Chapter 9: The Strategic Sourcing Toolbox
We take computers and mobile phones for granted, but these two items are just pieces of hardware. They’re nothing without software and applications. In business, ERP (enterprise resource planning) systems are the most common software solutions. According to a 2012 Aberdeen study, about 86 percent of companies with between 100 and 1,000 employees have already implemented this software, which supports back office core processes and streamlines front office processes. Unfortunately, when it comes to procurement, the ERP comes up short, and additional tools are needed.
Basic ERPs lack certain procurement functionalities while in more advanced ERPs these necessary functionalities can be very expensive. Therefore, in order to successfully carry out a strategic sourcing process, you need to implement additional tools. Some of these “tools” are really modified Excel spreadsheets, but others are specific SaaS solutions custom designed to meet the needs of procurement professionals and the strategic sourcing process.
A spend analysis tool is an essential part of spend management. Its goal is spend visibility, and it should allow you to aggregate, classify, and leverage spend data. In order to plan your sourcing actions, you need to have the ability to capture your starting point and then measure any improvement in your progress. Just like a CFO needs to know the company’s cost structure, the CPO needs to know the costs of goods and services, and the category manager needs to understand his category’s spend structure.
Spend analysis should answer the following questions:
- What was bought and at what price? (list of materials and cost)
- From whom are we buying? (list of suppliers)
- How much do we buy? (volume)
- How do we buy? (frequency and order batch size)
For more detailed reminder of how to carry out a spend analysis, refer back to Chapter 1 of this guide.
As far as tools for spend analysis go, the category manager’s best friend is Excel’s PivotTable. If you have a huge pile of data, no tool can beat it. PivotTable can be used for spend analysis since it allows you to sort and filter data in many ways and drill into the details. Ideally, PivotTable will be integrated with your company’s ERP so that you will always have access to your organization’s most recent spend data but you can live with periodic updates.
The core procurement process is called Purchase to Pay (P2P). It is mainly an internal process, and it starts with requisitioning, purchase orders, approvals, goods receipt, and invoice receipt, and ends with payment to supplier. These steps are available in most ERPs, and you might think it is adequate for managing the P2P process. But think again: not all P2P process participants are ERP users.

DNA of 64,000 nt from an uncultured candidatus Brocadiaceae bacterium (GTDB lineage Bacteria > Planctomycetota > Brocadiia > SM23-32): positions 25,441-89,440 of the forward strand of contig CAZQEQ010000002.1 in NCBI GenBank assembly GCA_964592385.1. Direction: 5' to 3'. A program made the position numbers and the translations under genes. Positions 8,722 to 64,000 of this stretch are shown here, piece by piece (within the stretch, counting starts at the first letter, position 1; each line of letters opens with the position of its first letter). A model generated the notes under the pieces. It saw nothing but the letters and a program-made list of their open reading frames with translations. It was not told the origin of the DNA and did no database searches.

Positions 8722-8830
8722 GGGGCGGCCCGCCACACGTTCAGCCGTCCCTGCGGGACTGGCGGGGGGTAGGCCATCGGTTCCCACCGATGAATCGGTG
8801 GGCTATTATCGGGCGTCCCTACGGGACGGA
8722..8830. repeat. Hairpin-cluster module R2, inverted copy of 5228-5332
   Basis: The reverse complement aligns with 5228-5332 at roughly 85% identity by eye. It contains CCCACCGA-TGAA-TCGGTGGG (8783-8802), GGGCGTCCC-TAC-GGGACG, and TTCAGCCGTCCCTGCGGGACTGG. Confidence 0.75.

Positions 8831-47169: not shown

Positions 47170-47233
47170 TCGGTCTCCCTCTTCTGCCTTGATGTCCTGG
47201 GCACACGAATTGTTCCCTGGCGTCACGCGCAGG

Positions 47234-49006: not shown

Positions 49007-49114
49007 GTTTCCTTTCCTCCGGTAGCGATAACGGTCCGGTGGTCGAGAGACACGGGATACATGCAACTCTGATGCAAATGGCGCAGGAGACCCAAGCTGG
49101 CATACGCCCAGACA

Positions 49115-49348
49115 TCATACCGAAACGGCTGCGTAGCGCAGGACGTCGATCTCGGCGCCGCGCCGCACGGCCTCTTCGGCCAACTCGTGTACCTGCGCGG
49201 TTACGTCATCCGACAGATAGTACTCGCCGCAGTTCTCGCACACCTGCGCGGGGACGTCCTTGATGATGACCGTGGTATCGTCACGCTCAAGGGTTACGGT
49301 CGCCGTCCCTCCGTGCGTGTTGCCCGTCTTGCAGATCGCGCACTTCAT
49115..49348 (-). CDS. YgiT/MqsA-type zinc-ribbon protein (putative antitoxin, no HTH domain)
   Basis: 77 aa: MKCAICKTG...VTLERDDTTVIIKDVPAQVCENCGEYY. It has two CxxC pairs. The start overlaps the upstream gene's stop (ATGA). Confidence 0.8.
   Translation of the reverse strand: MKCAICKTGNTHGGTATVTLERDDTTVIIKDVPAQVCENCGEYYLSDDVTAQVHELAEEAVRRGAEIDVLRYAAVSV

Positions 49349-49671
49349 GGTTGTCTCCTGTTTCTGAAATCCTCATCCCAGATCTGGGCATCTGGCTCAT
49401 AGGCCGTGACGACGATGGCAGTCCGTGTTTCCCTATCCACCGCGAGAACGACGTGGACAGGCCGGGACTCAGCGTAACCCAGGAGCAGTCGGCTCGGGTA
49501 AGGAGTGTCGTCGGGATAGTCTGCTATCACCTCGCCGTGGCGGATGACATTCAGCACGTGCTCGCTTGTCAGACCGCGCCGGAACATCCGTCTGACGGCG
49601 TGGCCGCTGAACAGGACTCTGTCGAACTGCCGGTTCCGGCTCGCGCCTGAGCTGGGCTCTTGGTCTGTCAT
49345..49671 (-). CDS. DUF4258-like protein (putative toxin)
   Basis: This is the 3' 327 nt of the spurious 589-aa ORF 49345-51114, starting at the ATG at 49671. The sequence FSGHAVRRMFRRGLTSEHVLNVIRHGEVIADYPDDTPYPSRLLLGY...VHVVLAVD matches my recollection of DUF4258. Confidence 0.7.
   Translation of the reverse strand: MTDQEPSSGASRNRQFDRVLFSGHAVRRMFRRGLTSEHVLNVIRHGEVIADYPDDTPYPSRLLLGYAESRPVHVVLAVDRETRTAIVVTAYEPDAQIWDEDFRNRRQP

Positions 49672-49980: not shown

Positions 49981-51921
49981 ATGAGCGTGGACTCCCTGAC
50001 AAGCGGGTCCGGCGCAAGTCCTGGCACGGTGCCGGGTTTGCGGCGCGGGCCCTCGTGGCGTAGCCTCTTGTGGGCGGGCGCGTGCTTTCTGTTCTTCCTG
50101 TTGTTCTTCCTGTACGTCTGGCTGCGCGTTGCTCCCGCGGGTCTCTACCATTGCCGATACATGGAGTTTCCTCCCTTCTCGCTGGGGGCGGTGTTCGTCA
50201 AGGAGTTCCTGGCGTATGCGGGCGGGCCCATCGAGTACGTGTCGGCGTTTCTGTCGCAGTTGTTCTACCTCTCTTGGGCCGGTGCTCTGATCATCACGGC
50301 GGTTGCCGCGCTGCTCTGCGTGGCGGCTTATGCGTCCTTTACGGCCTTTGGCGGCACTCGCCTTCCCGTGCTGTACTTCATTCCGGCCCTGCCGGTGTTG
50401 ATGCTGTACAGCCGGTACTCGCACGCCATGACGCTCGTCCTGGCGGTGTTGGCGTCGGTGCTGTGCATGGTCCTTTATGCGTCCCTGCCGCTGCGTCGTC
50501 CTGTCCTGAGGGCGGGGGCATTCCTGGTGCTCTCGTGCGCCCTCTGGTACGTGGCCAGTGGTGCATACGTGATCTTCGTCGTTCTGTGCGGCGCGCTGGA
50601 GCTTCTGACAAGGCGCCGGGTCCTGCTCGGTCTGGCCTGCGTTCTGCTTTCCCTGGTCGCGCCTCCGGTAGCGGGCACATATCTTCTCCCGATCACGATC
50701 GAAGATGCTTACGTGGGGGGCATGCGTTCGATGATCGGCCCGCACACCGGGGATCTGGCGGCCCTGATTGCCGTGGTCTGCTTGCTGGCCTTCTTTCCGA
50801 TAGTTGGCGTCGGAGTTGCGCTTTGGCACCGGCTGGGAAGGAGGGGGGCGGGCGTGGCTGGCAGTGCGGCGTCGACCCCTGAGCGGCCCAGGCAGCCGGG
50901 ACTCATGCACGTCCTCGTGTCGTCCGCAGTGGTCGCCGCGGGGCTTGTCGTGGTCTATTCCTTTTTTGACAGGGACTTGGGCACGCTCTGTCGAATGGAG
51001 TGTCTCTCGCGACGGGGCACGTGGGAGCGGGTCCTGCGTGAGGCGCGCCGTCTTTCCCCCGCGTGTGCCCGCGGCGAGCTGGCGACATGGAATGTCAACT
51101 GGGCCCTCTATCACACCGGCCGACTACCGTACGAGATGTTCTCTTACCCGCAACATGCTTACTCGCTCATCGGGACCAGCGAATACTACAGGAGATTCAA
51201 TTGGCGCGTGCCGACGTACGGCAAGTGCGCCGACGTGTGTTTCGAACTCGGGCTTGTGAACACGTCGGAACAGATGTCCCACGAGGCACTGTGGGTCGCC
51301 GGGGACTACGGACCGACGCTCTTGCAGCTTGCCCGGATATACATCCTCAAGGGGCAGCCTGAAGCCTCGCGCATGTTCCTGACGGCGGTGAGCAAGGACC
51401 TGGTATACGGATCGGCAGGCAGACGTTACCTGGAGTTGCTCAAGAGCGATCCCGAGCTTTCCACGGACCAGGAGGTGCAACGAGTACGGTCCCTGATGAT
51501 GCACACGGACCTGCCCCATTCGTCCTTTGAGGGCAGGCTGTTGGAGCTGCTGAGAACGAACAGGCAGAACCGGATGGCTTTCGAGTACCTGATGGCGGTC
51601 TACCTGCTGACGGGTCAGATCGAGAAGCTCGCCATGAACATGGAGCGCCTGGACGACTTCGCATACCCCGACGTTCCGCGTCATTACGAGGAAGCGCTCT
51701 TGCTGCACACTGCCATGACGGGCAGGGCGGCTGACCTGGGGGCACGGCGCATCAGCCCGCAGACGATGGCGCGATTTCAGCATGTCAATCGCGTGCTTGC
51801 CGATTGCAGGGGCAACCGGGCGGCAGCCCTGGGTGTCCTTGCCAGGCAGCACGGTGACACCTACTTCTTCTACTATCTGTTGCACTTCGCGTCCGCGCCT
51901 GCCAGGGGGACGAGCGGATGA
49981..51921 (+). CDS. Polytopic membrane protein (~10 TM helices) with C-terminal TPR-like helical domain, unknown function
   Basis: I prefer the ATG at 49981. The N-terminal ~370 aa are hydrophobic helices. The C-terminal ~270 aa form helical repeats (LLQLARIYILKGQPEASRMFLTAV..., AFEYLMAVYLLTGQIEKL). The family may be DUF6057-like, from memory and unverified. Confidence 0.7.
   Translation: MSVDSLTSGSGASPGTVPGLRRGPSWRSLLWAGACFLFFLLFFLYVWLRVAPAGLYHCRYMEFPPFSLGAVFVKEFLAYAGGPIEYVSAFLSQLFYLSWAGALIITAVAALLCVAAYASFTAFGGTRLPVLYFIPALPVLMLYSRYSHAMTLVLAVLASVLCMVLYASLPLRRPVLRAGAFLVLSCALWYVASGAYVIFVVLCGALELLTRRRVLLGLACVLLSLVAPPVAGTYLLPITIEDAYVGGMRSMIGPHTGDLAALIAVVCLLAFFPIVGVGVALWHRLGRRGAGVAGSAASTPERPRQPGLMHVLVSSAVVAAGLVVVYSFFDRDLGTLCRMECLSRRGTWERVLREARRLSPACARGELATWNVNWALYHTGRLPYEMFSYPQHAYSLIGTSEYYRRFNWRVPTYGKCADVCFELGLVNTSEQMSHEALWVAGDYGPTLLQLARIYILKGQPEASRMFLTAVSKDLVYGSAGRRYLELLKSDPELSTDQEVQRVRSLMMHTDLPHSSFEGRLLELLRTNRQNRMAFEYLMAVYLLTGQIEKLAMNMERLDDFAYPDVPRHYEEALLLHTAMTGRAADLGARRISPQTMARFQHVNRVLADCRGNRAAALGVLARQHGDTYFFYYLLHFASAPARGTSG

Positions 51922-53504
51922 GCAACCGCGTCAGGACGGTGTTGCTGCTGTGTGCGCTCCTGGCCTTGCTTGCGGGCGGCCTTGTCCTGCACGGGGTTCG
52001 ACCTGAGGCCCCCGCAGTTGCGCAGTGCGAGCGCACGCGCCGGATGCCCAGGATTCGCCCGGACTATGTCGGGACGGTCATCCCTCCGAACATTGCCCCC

Requisitioning is the first step in the P2P process. Purchase requests could come from any person in the organization. Typical requesters are project managers and production engineers, but it could be any employee in any department. While they usually aren’t ERP users, they are procurement customers and you need to serve them. Email is not an efficient tool for keeping track of requisitions. In order to better serve your internal customers, it’s best to implement requisitions management software.
This type of software provides you and your stakeholders a collaborative platform to use during the initial stages of the purchasing process. Similar to helpdesk software, internal stakeholders can send their demand orders to procurement. Process compliance is a challenge that CPOs face on a daily basis. It is always easier to get on the right track from the very beginning. A requisition management solution helps CPOs change the purchasing process and track compliance.
Read more about the benefits of implementing requisitions management software.
In this guide I have discussed RFx events quite extensively. (See Chapter 6 and Chapter 7). As far as I know, there’s no ERP system capable of running RFx’s. That leaves companies with only three choices for running RFx’s: use email, develop an in-house solution, or purchase a license from a SaaS provider. Email is inefficient and developing in-house solutions can be extremely costly in terms of both time and money. The market is leaning towards a preference for SaaS.
E-sourcing solutions save you the additional time you need to effectively implement strategic sourcing. This type of software also lets the supplier do part of your job, such as entering basic identifying information into the system. As the buyer, you upload the supporting documents and create a pricing template. A pricing template is useful because it makes it much easier to compare bids and award a winner. In order to be more efficient, you can actually combine this step and the previous one and run the RFI and RFQ together as the same event. (I discussed this earlier in Chapter 6.)